CNBC: 10:48 AM EST
Expect the headlines to ramp up over the next couple months as a contentious midterm election period may be kicking into high gear. US equities (SPY, DIA, QQQ, IWM) are mostly taking things in stride; US equities are faring better than the majority of international stocks (ACWX, EFA, EEM) recently.
Don’t assume that politics will remain neatly contained in one corner of the globe. EU President Juncker’s comments surprise me (I would think that the EU would want a weaker Euro FXE); I’m getting the sense that a lot of “policy arrows” are flying around in a rather haphazard fashion.
Thoughts on Volatility
Depending on your socio-economic status and political beliefs, the graphic above may or may not trouble you. Remember, the graphic above displays wealth, not income. Note that what we see above pertains to global, and not US, wealth, but the story is basically the same.
I am curious as to readers’ views on whether they see this as a problem (I do, with some important caveats). Do you believe that a low-volatility policy regime magnified or diminished this reshuffling of wealth distribution?
Amen! I do believe that there’s something to this for bubble formation. It just doesn’t sit right for many when they see people without any particularly amazing insight, training, or expertise go in and follow a simple playbook only to discover prosperity and riches.
The financial world we live in now has been called the “everything bubble”… maybe so. But whether or not that is the case, I think there is a great deal to be said for humility and sound risk management in becoming a better trader, investor, or decision maker in any field that involves uncertainty. Let thy neighbor enjoy his riches: don’t chase (at least not without a solid plan)!
This is the genre of graphics that I find concerning... Mission not accomplished. Now I understand that in theory the ballooning of global central bank balance sheets does not have to spell doom for the global economy.
Consider how gold (GLD) drove higher and higher, peaking in September 2011 at around $1900/troy oz largely on the premise that CB largesse could only be inflationary.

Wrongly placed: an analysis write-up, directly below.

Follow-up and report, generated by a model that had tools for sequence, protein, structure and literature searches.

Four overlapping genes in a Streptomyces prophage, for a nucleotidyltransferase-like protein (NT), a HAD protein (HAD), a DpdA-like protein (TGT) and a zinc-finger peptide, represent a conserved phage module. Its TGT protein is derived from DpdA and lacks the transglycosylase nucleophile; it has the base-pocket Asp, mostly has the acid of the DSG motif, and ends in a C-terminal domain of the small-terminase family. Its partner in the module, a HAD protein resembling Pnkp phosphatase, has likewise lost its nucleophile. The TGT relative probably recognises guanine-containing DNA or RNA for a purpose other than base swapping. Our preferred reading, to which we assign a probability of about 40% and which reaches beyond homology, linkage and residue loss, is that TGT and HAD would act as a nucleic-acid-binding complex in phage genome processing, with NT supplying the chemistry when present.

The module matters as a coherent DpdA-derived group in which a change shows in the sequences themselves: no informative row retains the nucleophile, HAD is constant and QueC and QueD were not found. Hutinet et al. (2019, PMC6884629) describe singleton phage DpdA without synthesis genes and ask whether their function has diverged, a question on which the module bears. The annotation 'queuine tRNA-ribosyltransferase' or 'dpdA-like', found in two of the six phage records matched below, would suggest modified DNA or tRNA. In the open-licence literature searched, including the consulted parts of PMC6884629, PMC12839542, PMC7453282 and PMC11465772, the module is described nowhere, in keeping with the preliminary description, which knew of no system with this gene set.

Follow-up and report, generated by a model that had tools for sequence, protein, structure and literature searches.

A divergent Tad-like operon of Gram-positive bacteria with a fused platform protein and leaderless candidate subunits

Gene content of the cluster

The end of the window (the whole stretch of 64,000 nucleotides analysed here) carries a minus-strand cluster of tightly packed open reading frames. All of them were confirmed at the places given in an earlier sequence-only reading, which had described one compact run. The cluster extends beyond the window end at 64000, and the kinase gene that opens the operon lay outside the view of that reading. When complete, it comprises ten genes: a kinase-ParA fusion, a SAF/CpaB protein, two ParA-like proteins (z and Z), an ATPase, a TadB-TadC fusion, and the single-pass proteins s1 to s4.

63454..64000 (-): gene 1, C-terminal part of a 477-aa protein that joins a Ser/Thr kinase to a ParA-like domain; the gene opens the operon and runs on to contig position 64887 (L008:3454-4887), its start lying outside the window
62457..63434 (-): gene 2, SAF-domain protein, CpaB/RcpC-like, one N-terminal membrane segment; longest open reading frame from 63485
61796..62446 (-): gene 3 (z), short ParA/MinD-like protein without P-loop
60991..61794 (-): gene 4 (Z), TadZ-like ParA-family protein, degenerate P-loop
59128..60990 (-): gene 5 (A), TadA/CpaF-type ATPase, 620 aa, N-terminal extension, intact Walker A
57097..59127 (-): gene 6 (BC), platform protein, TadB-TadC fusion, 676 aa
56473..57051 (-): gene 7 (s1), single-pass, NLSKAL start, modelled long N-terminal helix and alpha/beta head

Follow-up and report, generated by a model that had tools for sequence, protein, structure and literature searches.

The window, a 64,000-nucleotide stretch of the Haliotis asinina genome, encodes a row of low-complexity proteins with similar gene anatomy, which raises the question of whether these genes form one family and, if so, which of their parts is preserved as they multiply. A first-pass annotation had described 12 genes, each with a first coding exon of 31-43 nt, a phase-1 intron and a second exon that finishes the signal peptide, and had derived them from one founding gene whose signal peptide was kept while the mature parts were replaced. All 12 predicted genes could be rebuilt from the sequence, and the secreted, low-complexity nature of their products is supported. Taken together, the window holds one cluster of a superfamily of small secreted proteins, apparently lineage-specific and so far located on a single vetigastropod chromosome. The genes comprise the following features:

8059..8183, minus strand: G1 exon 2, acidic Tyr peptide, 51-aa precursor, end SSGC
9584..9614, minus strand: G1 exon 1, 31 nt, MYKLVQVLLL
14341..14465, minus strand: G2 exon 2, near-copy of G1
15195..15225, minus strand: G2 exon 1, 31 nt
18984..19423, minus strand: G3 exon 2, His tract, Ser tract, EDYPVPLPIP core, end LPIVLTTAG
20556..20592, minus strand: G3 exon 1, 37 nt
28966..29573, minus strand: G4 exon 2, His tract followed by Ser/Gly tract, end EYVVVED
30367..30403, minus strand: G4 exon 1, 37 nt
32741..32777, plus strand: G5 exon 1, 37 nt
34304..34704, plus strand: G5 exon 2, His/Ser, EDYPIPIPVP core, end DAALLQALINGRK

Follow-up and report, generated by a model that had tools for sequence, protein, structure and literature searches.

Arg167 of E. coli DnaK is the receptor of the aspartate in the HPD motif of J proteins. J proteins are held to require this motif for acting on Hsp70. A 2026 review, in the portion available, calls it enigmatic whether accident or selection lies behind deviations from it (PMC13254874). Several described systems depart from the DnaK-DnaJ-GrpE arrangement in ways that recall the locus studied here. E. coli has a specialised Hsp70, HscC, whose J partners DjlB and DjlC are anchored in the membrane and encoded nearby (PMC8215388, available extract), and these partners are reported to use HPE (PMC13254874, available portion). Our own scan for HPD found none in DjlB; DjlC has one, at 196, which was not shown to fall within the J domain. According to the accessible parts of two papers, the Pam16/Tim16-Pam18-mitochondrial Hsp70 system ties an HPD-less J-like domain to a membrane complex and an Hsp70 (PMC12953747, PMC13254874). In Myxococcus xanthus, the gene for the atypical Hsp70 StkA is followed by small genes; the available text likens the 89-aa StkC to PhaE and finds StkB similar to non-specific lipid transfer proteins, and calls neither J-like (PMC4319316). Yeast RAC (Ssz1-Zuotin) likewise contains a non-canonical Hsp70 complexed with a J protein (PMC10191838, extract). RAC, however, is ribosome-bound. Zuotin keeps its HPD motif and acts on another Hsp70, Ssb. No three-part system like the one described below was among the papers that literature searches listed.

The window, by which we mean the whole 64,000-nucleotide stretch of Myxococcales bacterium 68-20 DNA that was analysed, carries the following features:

Seven years later and the yellow metal is down about 40%... even more if you ironically account for inflation. But none of this is to say that we’re all clear (not that we ever are)… the monetary experiment is most certainly ongoing; the implications for volatility and risk assets may be underappreciated by many.
In light of the fact that the“Lehman moment” occurred a decade ago, I decided to contrast the closing VIX for Sep 12, 2008 and Sep 11, 2018. What is most surprising is how tame the vol term structure was a decade ago… most of us know what came within a few weeks of Lehman’s collapse: the volatility genie escaped from its bottle and wreaked havoc across markets all over the world.
Vol today looks reasonably priced if September 12, 2008 took the shape that it did. Sure we could see a bump in realized and implied vol, but those taking a long-vol position (VXX, UVXY, TVIX) may need to temper their expectations.
The Russell 2k has been range bound of late. This past summer the small cap index acted as an important catalyst for the broader US indexes to shrug off turmoil in foreign stocks. Vol for the Russell looks to be on the ascendant, but not on the same order thus far as what we saw between mid and late June, when you may recall we did see a fair bit of choppiness.
As inconsequential as June’s small flare-ups may seem in the here and now, note that even relatively modest increases in VIX took its toll on short-vol positions (SVXY).
I would encourage those who mostly trade vol from the short side to examine what it is they are expecting a short-vol stake to deliver to them… roll yield? Collapsing front end? I do not mean this sardonically, but it is in my view time to start evaluating one’s reasons for shorting vol here.
If this is your first time reading Market Volatility Bulletin, thanks for giving it a try. If you're a regular, we thank you for your ongoing contributions in the comments section.
In the previous MVB, querty asked me to expound on my take on VX roll yield. Click here for my response. My point was that, with a week left on the M1, 5% roll yield is not a great deal of edge given how swiftly spot VIX can jump.
Thank you for reading.
Please consider following.
Disclosure: I/we have no positions in any stocks mentioned, and no plans to initiate any positions within the next 72 hours. I wrote this article myself, and it expresses my own opinions. I am not receiving compensation for it (other than from Seeking Alpha). I have no business relationship with any company whose stock is mentioned in this article.
Additional disclosure: I actively trade the futures and options markets, potentially taking multiple positions on any given day, both long and short. I also hold a more traditional portfolio of stocks and bonds that I do not "trade". I do believe the S&P 500 is priced for poor forward-looking returns over a long timeframe, and so my trading activity centers around a negative delta for hedging purposes.